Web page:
Now, have you found that some of the people who've come by and grabbed bundles have then turned into dumping off trailer-load-type customers? I have. A lot of people have driven by. It took a couple months. I put this thing out around Fourth of July with the expectation that I wanted it to be here, people get used to it, and kind of get to know it. That way, by this time, the winter, they would kind of associate this firewood stand with me selling firewood. So, I had a lot of people at first they would come buy a bundle then maybe buy a loose stack and then this fall people were calling me and saying, “Hey, I bought a bunch of wood from your firewood stand over the summer and early fall. Now I'm looking for larger quantities. Do you deliver, and what's your prices?” Well, that's great.

Now, you mentioned larger quantities. So, I think one of the next topics that is very common is maybe someone's got just enough wood that they've been splitting and it’s enough to heat their home for a typical winter or maybe have a little bit of set aside to season, but what if they want to go to this next level and they need more wood? Thinking about sources of wood. Yeah, sources of wood [are] very important. Obviously, I do tree work, so the source of wood is myself but if you don't have that luxury, then it's a real thing to consider as far as whether you're going to buy wood or get wood for free and the different pros and cons associated with that. So why don't we head back to the wood yard and I can show you some of my sources and we can talk [about] that further. All right.

So, Jared, you asked about sources of wood. As you can see here, this is my source. Yeah it looks like you got a pretty good stockpile. Right. So, obviously, [with] me doing tree work, I am my own source. So, from the jobs that I do, I can kind of pick and choose the nice logs. Nice birch one right here. I bring them back to the yard and that's my source for firewood. But, obviously, not everybody has that luxury. For those that don't have the luxury of doing tree work but you still want to keep costs at a minimum, there are a couple different options you can, or avenues, you could choose to go down. One of which is procuring the wood from your own woods, if you're lucky enough to have your own land where you can cut down some trees. So, obviously, that is a great way. There is some time involved in that, which should be factored in somewhere, when you get to pricing your wood or the final stages of that. Another great source that I know being a tree guy is, I love when customers or people call me up looking for logs delivered to their house because a lot of the time if I'm not bringing it back here, I have to pay to go dump it. So, tree companies are always a great source for wood. If you are looking for a whole truckload of wood delivered of logs, that's a good way to get it and keep your costs at a minimum.

Now, so, let's say, someone, they're not professionally in the tree service and they don't own 100 acres of land where they can harvest their own. So, they've got some relationships with some tree folks who are going to be dropping the wood off. Can you really be picky in terms of what kind of wood you're getting and how manageable the sizes might be? Don't you often get some kind of low-quality stuff and the stumps and some stuff that can be hard to split? That's definitely a possibility. I think, at first, when you're first developing a relationship with the tree company, I don't think you have the luxury of being too picky. I think, once you establish a rapport with that person or that company, then maybe you could start to ask for specific species or have them let you know when they're taking down trees within your realm of capability for whatever equipment you might have but if you want [certain] sizes of wood and you don't want to deal with big stumps and nasty pieces, there is another avenue. It is going to cost you but you can always buy log loads from a logger or something like that. Generally, they will sell the firewood poles or the tops of trees that are nice and straight, generally smaller diameter, 18-inch and below. That'll make some really nice firewood but there is a cost associated with that. Generally, you’re not going to get that for free. So, it seems like it really comes down to how productive you need to be and what kind of equipment you have.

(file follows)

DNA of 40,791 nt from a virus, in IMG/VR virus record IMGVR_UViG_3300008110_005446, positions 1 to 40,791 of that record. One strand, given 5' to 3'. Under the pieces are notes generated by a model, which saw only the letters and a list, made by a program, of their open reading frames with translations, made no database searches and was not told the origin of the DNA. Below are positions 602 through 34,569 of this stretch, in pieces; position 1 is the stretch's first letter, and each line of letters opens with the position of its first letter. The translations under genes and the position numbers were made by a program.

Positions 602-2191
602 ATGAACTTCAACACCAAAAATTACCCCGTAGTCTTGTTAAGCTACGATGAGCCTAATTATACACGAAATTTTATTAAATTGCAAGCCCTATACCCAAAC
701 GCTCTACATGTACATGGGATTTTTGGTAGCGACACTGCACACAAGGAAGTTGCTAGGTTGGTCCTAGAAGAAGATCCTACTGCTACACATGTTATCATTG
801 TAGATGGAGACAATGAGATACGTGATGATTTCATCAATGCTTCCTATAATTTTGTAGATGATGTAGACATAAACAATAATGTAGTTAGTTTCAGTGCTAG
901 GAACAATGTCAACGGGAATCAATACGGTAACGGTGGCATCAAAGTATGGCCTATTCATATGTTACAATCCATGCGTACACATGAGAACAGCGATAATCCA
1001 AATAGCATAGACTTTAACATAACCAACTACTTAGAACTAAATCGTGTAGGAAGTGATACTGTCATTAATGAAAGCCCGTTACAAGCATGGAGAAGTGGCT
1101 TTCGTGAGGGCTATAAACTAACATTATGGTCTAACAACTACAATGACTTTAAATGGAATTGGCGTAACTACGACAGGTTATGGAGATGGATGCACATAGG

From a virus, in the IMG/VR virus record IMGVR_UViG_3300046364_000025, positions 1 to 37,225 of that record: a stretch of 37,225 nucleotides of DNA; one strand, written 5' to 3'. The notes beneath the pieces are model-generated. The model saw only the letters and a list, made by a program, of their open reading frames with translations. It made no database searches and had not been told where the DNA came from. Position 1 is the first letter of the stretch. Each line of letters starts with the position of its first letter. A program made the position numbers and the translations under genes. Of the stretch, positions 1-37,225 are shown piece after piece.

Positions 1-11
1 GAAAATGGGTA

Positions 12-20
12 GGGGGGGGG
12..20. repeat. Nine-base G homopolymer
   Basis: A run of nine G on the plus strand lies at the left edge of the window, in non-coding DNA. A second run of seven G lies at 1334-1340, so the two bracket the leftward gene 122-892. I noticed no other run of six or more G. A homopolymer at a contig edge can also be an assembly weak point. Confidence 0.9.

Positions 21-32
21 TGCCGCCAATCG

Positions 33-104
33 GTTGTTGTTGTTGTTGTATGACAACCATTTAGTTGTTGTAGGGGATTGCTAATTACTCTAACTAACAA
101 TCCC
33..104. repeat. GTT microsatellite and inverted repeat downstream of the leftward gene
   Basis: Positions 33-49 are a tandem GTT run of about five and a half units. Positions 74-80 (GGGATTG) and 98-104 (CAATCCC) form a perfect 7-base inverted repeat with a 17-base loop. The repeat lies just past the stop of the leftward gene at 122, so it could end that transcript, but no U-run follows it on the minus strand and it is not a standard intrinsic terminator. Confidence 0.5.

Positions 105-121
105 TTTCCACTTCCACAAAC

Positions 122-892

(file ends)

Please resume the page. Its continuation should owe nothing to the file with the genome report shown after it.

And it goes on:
You look at processors. They can be very high productivity but they need to be fed kind of a perfect type of round or if it's big stuff, you need something powerful enough to break those up. So, you start thinking about what kind of time you have to put into that process up front by getting better wood vs., is the effort to split the stuff that might be free or almost free. Right. There's all different ways to get it. It's just how much time do you want to spend or how much money do you want to spend getting that wood. But, once you have it and once you figure out what your processor or your equipment is capable of, I think it's pretty easy to determine what type of wood and what source you want to go down for procuring that wood for your firewood side hustle. So, that's been one of the best questions, “What do I do to get enough wood to support a business above and beyond what you might be splitting for your own needs?”